Dunn apparently never came back to the Nats saying "I'll do three years, but I need more money." If he had, they surely would have given it to him as long as it wasn't a totally ridiculous demand. All he ever came back with in negotiations was "I need four years." You can't insinuate even the least little bit of Lerners are Cheap off of that.

  13. Anonymous // December 3, 2010 at 3:09 PM  

    "It sounds like an excuse, but reasons are different than excuses."

    Actually they're one and the same thing. The word "excuse" is just what has come to be used when negative connotations are being implied.

  14. Dave Nichols // December 3, 2010 at 3:12 PM  

    "Actually they're one and the same thing. The word "excuse" is just what has come to be used when negative connotations are being implied."

    Really? That's what you want to call me to task on? C'mon.

  15. Souldrummer // December 3, 2010 at 4:49 PM  

    Solid piece, and probably the best debunking of Dunn The Great that I've seen. I don't totally buy into it, but it's certainly solid.

    My other reasons for doing the deal:

    1) Lack of 1B depth in the organization and not so great options on the free agent market.

    2) You messed up by not trading him earlier.

    3) Local PR hit by losing him in a very fragile market.
    ----
    All of these can be addressed in some way and it will be interested to see how they do address them.

  16. Anonymous // December 3, 2010 at 4:50 PM  

    Dave,
    First of all, I just want to say this was one of your best pieces you have written, if not the best. I agree with a lot of the things you wrote and learned things I didn't know know (such as Phil Wood thing about his attitude).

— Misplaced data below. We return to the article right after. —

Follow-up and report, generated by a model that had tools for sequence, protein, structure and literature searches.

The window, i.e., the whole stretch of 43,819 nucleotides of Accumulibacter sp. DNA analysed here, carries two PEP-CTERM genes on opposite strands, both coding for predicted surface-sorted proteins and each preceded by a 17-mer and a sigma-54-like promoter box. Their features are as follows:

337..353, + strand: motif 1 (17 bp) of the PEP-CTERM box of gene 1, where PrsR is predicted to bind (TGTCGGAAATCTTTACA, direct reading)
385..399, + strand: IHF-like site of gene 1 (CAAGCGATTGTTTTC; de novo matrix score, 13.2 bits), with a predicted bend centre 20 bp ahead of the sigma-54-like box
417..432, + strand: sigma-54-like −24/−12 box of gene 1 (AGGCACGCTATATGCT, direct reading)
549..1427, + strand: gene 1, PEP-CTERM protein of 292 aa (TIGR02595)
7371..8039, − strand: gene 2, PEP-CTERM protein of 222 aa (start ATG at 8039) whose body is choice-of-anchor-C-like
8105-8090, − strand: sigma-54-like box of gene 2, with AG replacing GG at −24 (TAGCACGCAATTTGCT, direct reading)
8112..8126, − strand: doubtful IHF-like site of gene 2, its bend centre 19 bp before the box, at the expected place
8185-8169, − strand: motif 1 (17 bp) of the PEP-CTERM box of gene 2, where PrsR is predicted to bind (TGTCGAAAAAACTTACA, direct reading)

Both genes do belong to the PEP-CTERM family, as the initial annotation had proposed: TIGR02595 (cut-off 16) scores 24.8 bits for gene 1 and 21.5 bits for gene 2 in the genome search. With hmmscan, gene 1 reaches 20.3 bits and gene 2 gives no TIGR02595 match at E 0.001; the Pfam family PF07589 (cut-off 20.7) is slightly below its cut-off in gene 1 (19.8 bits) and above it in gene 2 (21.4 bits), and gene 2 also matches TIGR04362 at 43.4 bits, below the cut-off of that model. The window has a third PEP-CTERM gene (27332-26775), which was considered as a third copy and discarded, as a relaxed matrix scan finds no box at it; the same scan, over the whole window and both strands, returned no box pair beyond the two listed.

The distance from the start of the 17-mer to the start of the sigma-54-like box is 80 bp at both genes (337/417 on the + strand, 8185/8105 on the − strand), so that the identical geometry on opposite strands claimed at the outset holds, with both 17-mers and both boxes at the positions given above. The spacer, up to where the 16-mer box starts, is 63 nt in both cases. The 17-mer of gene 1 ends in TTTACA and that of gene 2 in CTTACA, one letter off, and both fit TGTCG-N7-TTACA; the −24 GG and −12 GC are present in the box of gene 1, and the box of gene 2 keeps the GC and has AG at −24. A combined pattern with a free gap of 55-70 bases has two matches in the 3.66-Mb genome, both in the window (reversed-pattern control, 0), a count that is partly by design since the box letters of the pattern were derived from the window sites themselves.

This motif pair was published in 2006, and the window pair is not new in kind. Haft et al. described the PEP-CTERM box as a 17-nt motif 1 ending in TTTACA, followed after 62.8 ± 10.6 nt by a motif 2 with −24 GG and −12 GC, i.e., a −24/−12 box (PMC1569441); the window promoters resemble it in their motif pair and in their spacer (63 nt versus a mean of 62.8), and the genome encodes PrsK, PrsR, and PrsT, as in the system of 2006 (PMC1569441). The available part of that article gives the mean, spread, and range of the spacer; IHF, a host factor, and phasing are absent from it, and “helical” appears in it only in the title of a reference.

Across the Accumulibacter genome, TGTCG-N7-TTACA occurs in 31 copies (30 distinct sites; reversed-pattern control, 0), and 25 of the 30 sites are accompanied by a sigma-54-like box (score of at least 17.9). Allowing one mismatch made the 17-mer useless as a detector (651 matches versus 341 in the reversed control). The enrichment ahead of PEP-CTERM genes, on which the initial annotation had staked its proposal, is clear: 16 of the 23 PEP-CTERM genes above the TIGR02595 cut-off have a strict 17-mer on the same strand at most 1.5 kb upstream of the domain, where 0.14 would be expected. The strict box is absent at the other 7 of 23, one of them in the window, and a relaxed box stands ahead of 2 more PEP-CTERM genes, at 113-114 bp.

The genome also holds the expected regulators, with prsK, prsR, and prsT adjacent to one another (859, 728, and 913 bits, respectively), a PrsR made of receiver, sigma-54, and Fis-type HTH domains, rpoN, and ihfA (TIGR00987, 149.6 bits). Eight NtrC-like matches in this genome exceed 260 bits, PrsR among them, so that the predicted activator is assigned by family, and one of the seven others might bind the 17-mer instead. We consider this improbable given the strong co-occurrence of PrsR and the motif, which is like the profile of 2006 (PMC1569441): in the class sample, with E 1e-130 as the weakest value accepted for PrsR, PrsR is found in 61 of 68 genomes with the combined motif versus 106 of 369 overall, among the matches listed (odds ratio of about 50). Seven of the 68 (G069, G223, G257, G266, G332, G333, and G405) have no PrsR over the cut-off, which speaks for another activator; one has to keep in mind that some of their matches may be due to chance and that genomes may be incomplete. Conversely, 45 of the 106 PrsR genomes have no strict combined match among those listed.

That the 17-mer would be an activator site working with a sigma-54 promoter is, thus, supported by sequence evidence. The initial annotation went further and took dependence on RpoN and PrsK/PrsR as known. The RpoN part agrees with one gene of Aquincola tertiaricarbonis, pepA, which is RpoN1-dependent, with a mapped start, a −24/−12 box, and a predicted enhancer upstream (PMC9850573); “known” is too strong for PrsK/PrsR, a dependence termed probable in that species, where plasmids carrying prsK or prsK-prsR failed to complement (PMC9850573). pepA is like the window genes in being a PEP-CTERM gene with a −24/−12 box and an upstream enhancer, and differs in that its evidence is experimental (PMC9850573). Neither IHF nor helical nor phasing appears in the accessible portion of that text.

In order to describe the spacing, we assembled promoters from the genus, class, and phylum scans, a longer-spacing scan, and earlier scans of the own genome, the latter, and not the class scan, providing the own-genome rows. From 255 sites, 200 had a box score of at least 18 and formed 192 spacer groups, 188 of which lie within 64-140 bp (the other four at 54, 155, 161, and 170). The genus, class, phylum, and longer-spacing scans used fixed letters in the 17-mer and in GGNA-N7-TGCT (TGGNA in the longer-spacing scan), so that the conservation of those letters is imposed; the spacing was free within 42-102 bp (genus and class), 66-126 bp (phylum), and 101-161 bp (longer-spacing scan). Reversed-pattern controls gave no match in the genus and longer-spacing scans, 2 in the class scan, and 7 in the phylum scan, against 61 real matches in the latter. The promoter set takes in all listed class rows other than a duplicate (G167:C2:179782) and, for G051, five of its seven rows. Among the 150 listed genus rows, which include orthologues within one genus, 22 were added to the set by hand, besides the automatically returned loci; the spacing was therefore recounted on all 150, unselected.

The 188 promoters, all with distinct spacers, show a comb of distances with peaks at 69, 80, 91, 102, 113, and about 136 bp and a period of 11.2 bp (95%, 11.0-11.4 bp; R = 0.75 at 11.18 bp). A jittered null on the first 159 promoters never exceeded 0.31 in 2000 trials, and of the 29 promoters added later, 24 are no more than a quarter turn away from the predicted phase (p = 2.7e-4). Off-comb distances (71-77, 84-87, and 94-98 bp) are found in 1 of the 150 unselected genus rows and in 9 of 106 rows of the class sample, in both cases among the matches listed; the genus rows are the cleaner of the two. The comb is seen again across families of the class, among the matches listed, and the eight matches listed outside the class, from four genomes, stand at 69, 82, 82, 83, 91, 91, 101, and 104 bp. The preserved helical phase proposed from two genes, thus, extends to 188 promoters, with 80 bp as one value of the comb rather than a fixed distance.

I think the White Sox will either have a really good deal or bad deal, I tend to think the Nats made the right move and this article only reinforced it. Their biggest mistake was probably not going for a four year deal to begin with.

    I do have to say I have one substantial disagreement with you though in terms of "protection." I think Zimm was greatly enhanced especially during the first half of the season of having Dunn than Willingham after him.

    I know your a bigger stats guy than I am, but look at Markakis, he almost hit single digit homers, if the O's had a real clean-up hitter, I doubt this would be the case.

  17. Souldrummer // December 3, 2010 at 4:54 PM  

    Solid piece, and probably the best debunking of Dunn The Great that I've seen. I don't totally buy into it, but it's certainly solid.

    My other reasons for doing the deal:

    1) Lack of 1B depth in the organization and not so great options on the free agent market.

    2) You messed up by not trading him earlier.

    3) Local PR hit by losing him in a very fragile market.
    ----
    All of these can be addressed in some way and it will be interested to see how they do address them.